Priest Who Left Yakima Resigns St. Louis Post
By Jane Gargas
Yakima Herald-Republic [Yakima WA]
January 12, 2007
A Catholic priest who was investigated in Yakima on suspicion that he viewed child pornography resigned Thursday from the Archdiocese of St. Louis.
The Rev. Darell Mitchell decided to leave both his pastoral assignment in St. Louis and the archdiocese, according to a statement from the archdiocese.
"It's a tragedy," said Monsignor John Ecker, vicar general of the Catholic Diocese of Yakima. "There was no need for it."
Ecker said that Mitchell told him he wasn't sure what he would do next.
"He's very upset," said Ecker.
Mitchell reportedly intended to spend some time at his mother's home elsewhere in the Midwest.
Mitchell left Yakima in 2004 while under criminal investigation for having photos of nude boys on his computer. About a dozen photos of boys, elementary school-age to teens, all naked, were turned over to police by the diocese.
The FBI and police investigated, but no charges were ever filed.
In keeping with the Yakima Herald-Republic's policy of not identifying suspects unless they are formally charged with crimes, Mitchell had not been identified in previous articles. However, the paper is using his name now because it appeared in statements by the Archdiocese of St. Louis and because he agreed to Associated Press interviews in which he was identified.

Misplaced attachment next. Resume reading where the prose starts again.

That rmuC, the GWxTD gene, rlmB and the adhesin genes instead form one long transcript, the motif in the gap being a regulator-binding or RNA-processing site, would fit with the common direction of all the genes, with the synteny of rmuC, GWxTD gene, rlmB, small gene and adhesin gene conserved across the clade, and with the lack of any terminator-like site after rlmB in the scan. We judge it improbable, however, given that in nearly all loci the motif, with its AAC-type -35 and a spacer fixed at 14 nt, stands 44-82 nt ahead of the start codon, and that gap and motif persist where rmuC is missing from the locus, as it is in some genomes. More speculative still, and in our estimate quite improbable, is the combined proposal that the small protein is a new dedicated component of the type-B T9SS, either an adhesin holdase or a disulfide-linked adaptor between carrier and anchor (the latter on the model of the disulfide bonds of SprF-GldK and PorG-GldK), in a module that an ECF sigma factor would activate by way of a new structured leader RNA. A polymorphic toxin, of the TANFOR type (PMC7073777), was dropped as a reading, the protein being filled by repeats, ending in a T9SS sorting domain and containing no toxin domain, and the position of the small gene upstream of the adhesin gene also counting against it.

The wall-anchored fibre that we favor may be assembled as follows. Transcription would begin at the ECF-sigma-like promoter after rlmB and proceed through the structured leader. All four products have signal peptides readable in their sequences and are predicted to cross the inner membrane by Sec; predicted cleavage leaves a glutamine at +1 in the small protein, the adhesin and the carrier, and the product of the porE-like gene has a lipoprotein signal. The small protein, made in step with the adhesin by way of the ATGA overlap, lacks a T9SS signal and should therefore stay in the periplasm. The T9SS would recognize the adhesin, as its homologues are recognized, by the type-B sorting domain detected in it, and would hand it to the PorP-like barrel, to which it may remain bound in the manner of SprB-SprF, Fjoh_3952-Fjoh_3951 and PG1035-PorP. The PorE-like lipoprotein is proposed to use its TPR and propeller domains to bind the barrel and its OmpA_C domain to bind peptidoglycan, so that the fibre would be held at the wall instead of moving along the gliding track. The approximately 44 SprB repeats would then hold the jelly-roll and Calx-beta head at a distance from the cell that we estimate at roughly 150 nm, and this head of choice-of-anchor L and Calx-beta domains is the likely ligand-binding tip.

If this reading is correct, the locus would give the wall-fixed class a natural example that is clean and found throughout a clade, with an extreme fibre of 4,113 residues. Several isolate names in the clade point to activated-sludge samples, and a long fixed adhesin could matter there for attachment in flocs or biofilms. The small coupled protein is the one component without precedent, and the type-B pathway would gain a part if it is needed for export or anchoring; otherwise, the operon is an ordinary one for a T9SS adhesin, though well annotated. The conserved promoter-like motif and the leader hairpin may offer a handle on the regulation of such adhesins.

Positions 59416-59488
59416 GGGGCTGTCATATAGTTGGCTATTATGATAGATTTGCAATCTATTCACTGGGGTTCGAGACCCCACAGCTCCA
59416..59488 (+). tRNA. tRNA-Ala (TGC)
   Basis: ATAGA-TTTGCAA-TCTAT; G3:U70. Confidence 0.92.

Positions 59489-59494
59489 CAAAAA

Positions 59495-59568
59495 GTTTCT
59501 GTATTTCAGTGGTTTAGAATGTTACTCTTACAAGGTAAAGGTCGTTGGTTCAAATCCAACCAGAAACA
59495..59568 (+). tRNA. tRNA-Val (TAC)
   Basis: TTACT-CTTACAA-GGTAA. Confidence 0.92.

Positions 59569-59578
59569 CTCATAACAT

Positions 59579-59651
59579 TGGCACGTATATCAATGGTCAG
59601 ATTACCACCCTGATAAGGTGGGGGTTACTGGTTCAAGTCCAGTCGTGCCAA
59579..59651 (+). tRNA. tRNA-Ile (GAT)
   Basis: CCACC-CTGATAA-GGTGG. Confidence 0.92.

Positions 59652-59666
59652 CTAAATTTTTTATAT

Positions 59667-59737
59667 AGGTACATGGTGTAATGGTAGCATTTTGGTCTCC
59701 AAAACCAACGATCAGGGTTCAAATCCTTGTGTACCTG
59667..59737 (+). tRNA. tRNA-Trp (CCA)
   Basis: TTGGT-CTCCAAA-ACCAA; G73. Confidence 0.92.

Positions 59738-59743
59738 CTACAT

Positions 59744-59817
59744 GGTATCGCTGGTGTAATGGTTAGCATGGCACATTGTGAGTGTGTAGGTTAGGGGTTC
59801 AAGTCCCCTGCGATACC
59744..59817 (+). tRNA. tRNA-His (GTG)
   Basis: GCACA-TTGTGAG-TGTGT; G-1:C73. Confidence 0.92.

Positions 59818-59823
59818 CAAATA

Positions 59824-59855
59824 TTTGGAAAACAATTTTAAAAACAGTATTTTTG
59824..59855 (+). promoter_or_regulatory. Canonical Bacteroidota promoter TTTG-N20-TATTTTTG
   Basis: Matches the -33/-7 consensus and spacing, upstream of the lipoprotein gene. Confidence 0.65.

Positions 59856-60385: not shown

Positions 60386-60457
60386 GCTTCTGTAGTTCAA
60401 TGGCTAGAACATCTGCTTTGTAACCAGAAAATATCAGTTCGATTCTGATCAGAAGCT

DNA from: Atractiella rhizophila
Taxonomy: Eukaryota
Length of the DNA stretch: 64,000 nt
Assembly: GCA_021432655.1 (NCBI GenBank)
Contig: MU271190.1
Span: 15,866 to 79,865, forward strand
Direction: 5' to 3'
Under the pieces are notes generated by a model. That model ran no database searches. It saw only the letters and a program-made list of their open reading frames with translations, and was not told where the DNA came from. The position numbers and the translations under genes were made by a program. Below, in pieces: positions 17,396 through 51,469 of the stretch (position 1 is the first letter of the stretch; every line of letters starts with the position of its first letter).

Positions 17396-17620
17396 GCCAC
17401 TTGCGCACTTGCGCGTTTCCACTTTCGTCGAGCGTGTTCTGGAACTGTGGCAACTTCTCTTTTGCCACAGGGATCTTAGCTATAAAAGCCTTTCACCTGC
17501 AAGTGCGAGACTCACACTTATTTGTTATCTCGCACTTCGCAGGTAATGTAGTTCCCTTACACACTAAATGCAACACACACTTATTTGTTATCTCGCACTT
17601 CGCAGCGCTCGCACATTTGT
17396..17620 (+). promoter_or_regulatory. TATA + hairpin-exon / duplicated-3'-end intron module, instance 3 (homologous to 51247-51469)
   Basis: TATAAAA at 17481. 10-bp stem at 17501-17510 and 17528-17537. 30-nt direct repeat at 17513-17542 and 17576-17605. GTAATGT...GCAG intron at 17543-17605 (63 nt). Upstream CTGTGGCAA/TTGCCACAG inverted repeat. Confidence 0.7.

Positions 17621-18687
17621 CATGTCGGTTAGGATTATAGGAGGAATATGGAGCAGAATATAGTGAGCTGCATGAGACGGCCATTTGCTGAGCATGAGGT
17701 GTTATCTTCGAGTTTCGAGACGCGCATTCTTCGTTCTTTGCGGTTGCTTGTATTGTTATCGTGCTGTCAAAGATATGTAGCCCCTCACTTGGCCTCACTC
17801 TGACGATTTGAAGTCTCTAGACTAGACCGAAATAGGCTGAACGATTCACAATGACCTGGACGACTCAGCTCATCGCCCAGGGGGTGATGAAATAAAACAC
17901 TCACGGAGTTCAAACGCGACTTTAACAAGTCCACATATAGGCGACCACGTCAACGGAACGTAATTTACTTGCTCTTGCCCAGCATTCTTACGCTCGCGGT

Ecker, who was Mitchell's supervising pastor when he served at St. Paul Cathedral parish, said Thursday there had been no problems with the priest, either before or after the photos surfaced.
The priest was "hounded by SNAP (Survivors Network of those Abused by Priests), Voice of the Faithful (VOTF) and people in the community here," Ecker said.
"If they had stopped hassling him, he'd be fine," he said.
Mitchell was assigned last June to a St. Louis parish that has an elementary school. When SNAP members notified parishioners there last month about the incident with the photos in Yakima, an outcry arose among parents.
Earlier this week, the pastor of the St. Louis church where Mitchell served as associate pastor scheduled a meeting for parents, which was set for Thursday evening, to answer questions about the priest's background.
A number of parents there had questioned why Mitchell was assigned near a school.
However, Ecker disputed that position.
"Nobody thought it was a mistake to place him there," Ecker said. "He was never any danger to children."
Ecker explained that Bishop Carlos Sevilla of Yakima knew Mitchell was being assigned to a St. Louis church with a school and that the Archdiocese knew "every detail" of Mitchell's background.
The Archdiocese of St. Louis issued a statement Thursday saying that Sevilla had certified "without qualification that there is nothing in Father Mitchell's background or service that would raise questions about his fitness for ministry."
Sevilla said through a spokesperson that he "does not have any comment because he doesn't have confidence in the Yakima Herald."
Local VOTF coordinator Robert Fontana agreed with Ecker that the whole incident is a tragedy.
"The cycle of deception, discovery, outrage and removal repeats itself," he said.
"I am saddened for the priest who once again gets bounced around without honestly facing parents, telling them what he did, and asking them for help in ministering as their priest."
Fontana added that he thought Mitchell could be assigned to serve an adult ministry.
Art Wentz, a parishioner at Holy Family Church, was sorry to hear Mitchell had left the St. Louis church.
Wentz said that he and many others at Holy Family would welcome Mitchell if he returned to Yakima.
"He did so much good here, and he didn't do anything wrong," Wentz said.
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